Simulation Performance Driven By Model Efficiency

Well-written and efficient models equal high performance simulation platforms but the challenge is understanding what it takes to create one.

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In real estate it’s all about location, location, location. For system level simulation it’s all about performance, performance, performance. I have heard many opinions on the performance of SystemC and TLM simulations: some positive, some negative, much of the opinion based on hearsay or other unreliable information. I believe the performance of the simulation is mainly driven by the model efficiency. Well-written efficient models provide high performance simulation platforms. The challenge is to understand what it takes to create a well-written model.

Recently I took some time to go back over some user code examples that were specifically identified as having performance issues. In going through this code I saw three general issues that caused most of the performance issues in the code base, and from this perspective it’s easier to identify what makes a poor model.

The first issue was related to doing something periodically, this showed up in a number of different forms the simplest example being a timer.  A typical low performance implementation of a timer would be the following:

<setup count and time_period>
for (int i=0;i<count;i++) wait(time_period);
<trigger activity>

This is a common construct in RTL for creating a timer, but it is very inefficient in an abstract model.  For an abstract TLM a more efficient implementation would be the following:

<setup count and time_period>
wait(count * time_period);
<trigger activity>

Making this change in one user platform example improved the simulation performance of the platform by multiple orders of magnitude.

The second issue was related to communication of information through a low level signal.  An example would be communicating a frequency value from one model to another by toggling a signal at a specific frequency.  The receiving model must monitor the signal and calculate the frequency based on the time elapsed between toggles.  Rather than using this approach the driving model could send the frequency value directly as an abstract value and only resend the frequency when it is changed.  Again this kind of a change in modeling can lead to orders of magnitude improvement in simulation performance.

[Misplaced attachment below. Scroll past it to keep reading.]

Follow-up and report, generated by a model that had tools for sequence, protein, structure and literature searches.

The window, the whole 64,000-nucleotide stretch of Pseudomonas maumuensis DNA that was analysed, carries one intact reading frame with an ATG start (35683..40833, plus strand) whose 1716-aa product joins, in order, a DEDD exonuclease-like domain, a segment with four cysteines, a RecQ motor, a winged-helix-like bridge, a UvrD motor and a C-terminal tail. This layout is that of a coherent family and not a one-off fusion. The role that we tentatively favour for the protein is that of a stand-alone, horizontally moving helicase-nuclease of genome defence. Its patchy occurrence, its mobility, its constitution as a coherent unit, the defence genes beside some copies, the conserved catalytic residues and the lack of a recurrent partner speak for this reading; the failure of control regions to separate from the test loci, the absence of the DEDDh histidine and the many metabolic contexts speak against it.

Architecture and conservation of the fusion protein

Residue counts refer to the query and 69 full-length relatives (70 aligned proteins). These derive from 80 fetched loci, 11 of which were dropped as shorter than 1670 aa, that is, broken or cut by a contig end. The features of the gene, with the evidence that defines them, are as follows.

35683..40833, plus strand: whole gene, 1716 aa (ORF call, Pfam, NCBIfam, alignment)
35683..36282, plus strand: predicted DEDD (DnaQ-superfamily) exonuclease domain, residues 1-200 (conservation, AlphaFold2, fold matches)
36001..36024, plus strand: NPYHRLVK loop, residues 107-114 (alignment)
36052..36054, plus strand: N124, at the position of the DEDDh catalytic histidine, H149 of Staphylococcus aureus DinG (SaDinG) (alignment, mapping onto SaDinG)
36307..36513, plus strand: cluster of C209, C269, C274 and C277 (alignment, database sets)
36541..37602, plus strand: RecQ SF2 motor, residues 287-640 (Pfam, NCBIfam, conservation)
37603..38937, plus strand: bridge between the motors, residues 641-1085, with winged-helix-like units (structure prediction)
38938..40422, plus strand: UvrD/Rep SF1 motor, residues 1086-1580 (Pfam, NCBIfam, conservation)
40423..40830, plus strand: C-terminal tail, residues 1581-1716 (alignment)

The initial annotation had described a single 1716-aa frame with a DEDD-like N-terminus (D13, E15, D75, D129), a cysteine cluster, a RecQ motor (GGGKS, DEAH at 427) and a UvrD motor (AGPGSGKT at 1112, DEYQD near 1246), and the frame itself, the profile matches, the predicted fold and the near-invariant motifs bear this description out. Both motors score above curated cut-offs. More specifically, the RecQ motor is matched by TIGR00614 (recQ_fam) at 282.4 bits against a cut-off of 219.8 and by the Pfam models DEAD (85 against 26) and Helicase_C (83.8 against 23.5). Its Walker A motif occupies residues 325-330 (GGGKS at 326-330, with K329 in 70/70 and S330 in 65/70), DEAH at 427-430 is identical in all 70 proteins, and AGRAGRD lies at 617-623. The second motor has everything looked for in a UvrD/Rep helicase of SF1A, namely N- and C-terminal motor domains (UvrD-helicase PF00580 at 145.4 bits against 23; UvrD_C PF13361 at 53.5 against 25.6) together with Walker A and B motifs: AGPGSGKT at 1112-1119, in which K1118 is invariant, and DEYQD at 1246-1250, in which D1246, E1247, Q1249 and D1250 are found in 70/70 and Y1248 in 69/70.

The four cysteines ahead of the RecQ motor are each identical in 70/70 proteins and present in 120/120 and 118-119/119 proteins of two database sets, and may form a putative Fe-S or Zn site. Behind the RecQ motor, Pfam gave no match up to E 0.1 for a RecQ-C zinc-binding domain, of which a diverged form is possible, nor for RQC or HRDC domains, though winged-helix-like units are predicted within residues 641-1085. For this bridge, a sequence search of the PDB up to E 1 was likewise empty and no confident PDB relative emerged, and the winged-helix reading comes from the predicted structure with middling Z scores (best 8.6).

The third issue I saw was related to polling of values.  In an RTL implementation a waiting model may poll a controlling model’s registers looking for a specific change in value before progressing.  While this may be the low level implementation, the abstract model can be written such that the controlling model sends a message to the waiting model when the value change occurs.  In this way we can avoid all of the events associated with checking the value when it has not changed.  Like the other examples this can provide multiple orders of magnitude improvement in the simulation performance.

All three of these issues involve moving from a low level/RTL approach in modeling to a more abstract transaction level approach.  For the examples I reviewed these modeling approaches caused the vast majority of the performance problems in the platforms that were identified as having poor performance.   After addressing these issues each platform’s performance improved by orders of magnitude.

One “Red Herring” issue that I have heard from numerous sources is the recommendation that users should write their SystemC models using sc_methods and avoid sc_threads.  I created a simple producer/consumer example using sc_methods in one implementation and sc_threads in the other implementation.  Comparing the simulation performance of the two implementations I saw a performance improvement of 25% in going from sc_threads to sc_methods.  A complicating issue in using sc_methods is the level of modeling they encourage.  In the user examples I reviewed many of the models written using sc_methods were also the models that were written at a lower level of abstraction with poorer simulation performance.

My conclusion from all of this is that while sc_methods are somewhat faster than the sc_threads, the difference is not significant.  The dominant issue in simulation performance is the level of abstraction of the models.  Abstract models, which eliminate unneeded simulation activity, have a tremendous effect on the performance of the simulations.  With appropriately abstract models I am seeing virtual platforms delivering simulation performance equivalent to systems running at hundreds of megahertz.